Unhealthy food corporations use various tactics to undermine public health policies aimed at tackling the scourge of non-communicable diseases like diabetes and obesity.
Bombarded with unhealthy offerings by the food industry, we blame and shame ourselves for gaining weight. But is it really our fault, or are we being "entrapped?"
New research sheds more light on the link between sugar and mood disorders.
The evidence against low-calorie sweeteners is mounting. But that doesn't mean natural sugar is better.
Knowing exactly what to eat and avoid to beat type 2 diabetes can be confusing. More protein? Less carbs? More wholegrains?
It is our view vitamin “gummies” that contain food acids, and have a high sugar content, are not medicines consumers need and their sale should be prohibited on public health grounds.
Artificial sweeteners used in diet sodas and other low-calorie foods can actually contribute to weight gain and type 2 diabetes. The more you use, the higher the risk.
It's all about what you do after you indulge.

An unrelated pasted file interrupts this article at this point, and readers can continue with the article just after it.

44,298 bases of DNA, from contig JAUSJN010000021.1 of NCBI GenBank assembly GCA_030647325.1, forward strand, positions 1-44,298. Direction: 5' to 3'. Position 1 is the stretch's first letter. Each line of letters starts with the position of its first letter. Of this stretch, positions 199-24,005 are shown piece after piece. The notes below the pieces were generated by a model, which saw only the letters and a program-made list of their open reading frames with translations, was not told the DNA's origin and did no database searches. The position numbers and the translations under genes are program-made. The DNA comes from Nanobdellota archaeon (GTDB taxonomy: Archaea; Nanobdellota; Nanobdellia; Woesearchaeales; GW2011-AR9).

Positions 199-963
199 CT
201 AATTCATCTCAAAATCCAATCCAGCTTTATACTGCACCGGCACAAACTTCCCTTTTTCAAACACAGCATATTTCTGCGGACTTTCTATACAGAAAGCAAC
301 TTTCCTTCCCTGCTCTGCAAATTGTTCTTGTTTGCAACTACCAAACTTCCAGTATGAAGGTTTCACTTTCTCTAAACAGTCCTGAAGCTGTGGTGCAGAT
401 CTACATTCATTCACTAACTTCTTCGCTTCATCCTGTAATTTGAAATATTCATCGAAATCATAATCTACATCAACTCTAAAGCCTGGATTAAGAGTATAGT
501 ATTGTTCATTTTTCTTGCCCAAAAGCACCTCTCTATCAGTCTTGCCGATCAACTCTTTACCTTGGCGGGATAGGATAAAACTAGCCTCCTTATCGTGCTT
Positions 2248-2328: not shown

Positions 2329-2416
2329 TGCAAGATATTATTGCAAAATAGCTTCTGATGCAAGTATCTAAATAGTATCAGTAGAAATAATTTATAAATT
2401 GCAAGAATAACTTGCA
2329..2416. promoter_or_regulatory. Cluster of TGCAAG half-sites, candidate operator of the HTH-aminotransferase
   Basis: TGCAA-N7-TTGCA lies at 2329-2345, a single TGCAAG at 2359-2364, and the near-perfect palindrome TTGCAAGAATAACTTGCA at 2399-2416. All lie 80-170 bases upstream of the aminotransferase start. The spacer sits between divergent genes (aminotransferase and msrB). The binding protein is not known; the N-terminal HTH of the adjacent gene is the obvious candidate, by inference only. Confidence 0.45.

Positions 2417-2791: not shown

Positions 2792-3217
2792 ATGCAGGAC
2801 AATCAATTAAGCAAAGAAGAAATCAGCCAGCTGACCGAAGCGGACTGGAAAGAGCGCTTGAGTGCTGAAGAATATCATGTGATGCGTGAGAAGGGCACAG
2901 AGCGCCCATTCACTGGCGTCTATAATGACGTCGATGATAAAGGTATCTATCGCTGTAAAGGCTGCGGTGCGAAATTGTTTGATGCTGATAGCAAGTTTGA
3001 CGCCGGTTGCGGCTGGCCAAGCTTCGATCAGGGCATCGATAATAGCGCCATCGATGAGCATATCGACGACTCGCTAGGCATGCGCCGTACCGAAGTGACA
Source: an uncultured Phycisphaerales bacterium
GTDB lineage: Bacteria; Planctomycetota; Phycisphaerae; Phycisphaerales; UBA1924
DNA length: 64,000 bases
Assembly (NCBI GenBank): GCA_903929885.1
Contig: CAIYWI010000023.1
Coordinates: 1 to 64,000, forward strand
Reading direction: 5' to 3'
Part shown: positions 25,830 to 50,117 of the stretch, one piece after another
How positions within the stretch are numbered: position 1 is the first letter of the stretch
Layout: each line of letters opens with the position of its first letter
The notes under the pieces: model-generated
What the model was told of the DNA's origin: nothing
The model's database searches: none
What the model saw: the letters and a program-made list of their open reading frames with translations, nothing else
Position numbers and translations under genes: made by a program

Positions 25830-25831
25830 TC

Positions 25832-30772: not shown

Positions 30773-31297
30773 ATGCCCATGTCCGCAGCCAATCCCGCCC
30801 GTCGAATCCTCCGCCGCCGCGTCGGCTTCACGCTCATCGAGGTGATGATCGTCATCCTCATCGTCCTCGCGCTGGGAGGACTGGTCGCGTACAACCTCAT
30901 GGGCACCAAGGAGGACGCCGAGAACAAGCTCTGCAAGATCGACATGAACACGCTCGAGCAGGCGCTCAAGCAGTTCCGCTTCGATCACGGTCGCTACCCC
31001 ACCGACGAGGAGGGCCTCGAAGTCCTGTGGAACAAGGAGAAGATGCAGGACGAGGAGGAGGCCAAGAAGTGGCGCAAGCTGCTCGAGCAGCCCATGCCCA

Fructose may be a food 'baddie' if you're a couch potato. But for sportspeople, it's a godsend.
Body weight is a complex issue and going after one culprit is not enough.
Rats were less able to find food after only three days on a diet high in sugar and saturated fat. So could a bad diet also be affect the human brain?
The discovery by researchers at Yale University that the brain is capable of converting glucose into fructose may lead to changes in how we target neurological complications in diabetes.
If you’ve ever tried to cut back on sugar, you may have realised how incredibly difficult it is. This leads to the question: can you be addicted to sugar?
The holiday season has become a jet-fuelled boost of over-indulgence on an already excessive culture of over-consumption. But there are ways to avoid it.
Being able to buy processed "food-like" products is often seen as a mark of personal and material success. Little attention is paid to having a healthy diet.
Food, drug and other companies often sponsor research in the hope it might produce results favourable to their products. How can we ensure such research remains independent?
Teenage rats that drank sugary beverages were less able than adult rats who drank the same to remember a specific location leading to an escape hatch.
Money can corrupt. But that doesn't mean all types of funding – or intentions – are the same.
Sugar and saturated fat aren't 'evil' and kale and avocado aren't 'good'.
South Africa's massive and growing obesity epidemic has much to do with people's excessive daily sugar intake.